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I inherited a project with a large Postgres database (over 150 tables, over 200 custom types, almost 1000 functions, triggers, etc.) Unfortunately, everything is dumped into one schema (public). It works just fine from the point of view of the application, however it's a major nightmare to maintain.

The obvious thing would be to split these objects into separate schemas by function (e.g. all supplier-related stuff goes into supplier schema, all admin related stuff into admin schema, etc.). Once this is done, of course, some changes (ok, a lot of changes) to the code would be required to refer to the new schemas. Considering that the web application contains about 2000 php files, it may be quite a task. Again, as every php in the system already starts with require_once('controller/config.php'); I could add a call there to set search path to include all the new schemas: SET search_path = 'public, supplier, admin, ...', yet somehow subconsciously I don't like this solution.

Is there any other way to deal with issue? I don't want to spend more effort than absolutely necessary on reorganising the database. I also can barely incur any downtime on the main web site, as it's used by clients across the world (Australia, Europe, North America).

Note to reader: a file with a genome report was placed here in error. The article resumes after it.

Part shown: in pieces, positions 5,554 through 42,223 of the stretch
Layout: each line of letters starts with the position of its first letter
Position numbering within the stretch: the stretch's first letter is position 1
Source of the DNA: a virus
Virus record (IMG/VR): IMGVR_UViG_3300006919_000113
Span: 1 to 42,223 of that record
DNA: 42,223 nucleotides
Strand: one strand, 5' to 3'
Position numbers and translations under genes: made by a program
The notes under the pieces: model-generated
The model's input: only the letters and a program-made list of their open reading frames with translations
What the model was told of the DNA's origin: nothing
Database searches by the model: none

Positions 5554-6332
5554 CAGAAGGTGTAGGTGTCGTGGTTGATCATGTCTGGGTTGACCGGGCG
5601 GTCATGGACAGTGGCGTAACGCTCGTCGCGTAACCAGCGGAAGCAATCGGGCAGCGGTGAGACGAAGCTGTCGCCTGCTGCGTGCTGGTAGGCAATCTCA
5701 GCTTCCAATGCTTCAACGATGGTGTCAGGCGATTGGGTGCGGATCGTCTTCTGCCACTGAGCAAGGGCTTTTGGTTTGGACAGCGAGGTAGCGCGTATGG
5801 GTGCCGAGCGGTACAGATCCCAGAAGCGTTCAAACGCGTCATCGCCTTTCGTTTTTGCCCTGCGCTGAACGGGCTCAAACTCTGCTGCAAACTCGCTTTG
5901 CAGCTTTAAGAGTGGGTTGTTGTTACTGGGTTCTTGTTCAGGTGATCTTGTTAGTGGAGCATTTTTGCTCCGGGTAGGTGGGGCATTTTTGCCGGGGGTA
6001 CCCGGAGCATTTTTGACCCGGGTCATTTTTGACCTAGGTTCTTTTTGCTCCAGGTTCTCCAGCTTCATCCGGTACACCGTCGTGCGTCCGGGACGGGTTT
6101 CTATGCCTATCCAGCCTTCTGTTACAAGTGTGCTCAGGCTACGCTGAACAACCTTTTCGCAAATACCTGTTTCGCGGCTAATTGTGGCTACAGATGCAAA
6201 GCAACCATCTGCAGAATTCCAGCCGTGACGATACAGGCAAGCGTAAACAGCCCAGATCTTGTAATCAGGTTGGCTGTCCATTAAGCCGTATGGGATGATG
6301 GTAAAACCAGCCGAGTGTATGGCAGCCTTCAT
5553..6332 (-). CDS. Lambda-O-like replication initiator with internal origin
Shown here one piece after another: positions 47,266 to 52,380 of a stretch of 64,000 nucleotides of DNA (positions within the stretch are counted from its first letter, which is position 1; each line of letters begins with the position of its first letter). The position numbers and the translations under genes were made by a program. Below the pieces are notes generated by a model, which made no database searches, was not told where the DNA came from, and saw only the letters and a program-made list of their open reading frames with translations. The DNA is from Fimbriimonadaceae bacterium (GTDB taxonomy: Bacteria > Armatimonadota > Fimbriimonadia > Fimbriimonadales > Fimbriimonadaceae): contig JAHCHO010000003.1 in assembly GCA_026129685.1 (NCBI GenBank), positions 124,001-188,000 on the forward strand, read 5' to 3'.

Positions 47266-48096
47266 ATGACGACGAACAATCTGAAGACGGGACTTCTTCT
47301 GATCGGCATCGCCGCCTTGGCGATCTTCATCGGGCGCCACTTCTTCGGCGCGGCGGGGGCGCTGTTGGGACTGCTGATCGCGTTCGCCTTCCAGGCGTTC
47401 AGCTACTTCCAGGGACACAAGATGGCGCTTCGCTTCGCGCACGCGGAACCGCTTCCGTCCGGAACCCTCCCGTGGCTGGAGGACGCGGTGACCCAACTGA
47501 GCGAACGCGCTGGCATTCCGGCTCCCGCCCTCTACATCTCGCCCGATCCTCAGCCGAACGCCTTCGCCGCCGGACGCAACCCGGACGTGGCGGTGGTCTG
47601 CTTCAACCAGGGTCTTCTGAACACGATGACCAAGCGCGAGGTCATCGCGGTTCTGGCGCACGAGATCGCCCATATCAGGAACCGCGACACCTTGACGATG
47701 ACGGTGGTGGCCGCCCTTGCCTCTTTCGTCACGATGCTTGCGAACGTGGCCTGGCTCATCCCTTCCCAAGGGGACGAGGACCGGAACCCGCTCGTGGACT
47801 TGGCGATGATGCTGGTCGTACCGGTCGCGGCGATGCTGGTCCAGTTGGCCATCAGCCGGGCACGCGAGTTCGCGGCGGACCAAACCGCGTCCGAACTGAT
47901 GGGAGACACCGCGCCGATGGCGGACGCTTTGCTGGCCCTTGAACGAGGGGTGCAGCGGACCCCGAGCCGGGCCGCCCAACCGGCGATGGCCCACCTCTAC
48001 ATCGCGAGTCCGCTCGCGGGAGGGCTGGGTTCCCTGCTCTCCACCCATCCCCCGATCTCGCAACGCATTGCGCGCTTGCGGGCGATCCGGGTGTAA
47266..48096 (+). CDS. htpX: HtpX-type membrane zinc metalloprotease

What would your recommend I do?

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Honestly? I suggest you leave it alone. Yes it isn't organized how you like, but it works and that alone counts. Imagine if you took all the time that you might spend on this task, and added a new feature or fixed an actual bug in your system rather than reorganizing things to your liking. Time is important, this change will only make you happier, your customers will be oblivious, if you want to make $, make your customers happy. –  anio Aug 29 '12 at 12:46
search_path is your friend. There are a number of ways how to make use of it. –  Erwin Brandstetter Aug 29 '12 at 15:38
Erwin is very correct. Making use of search_path is a good thing not something to avoid. –  Bob Aug 29 '12 at 15:42
You don't need to run set search_path on each page. Just do an alter user to change the search_path permanently for that user. –  a_horse_with_no_name Aug 29 '12 at 16:41

2 Answers 2

up vote 1 down vote accepted

I think the search_path method would be the way you would have to do it if you go that route. Why do you subconsciously not like solution? Seems it would remove a maintenance nightmare if you can over come it. Which is worse maintenance nightmare or search_path usage?

Per the docs:

To organize database objects into logical groups to make them more manageable.

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If I knew why I didn't like it, it wouldn't be subconsciously any more, would it? –  Aleks G Aug 29 '12 at 16:44
Ok.. Subconsciously isn't part of any scientific discovery process that I'm aware of. Ignore it and move on with the facts at hand. –  Bob Aug 30 '12 at 0:57

I can understand not liking the search path solution. However did you know that search_path can be set per user or per database? You can ALTER DATABASE SET search_path and then you are done, and better yet it isn't a global change that affects others.


Keep in mind that per user settings are cluster-global and override per-database settings.

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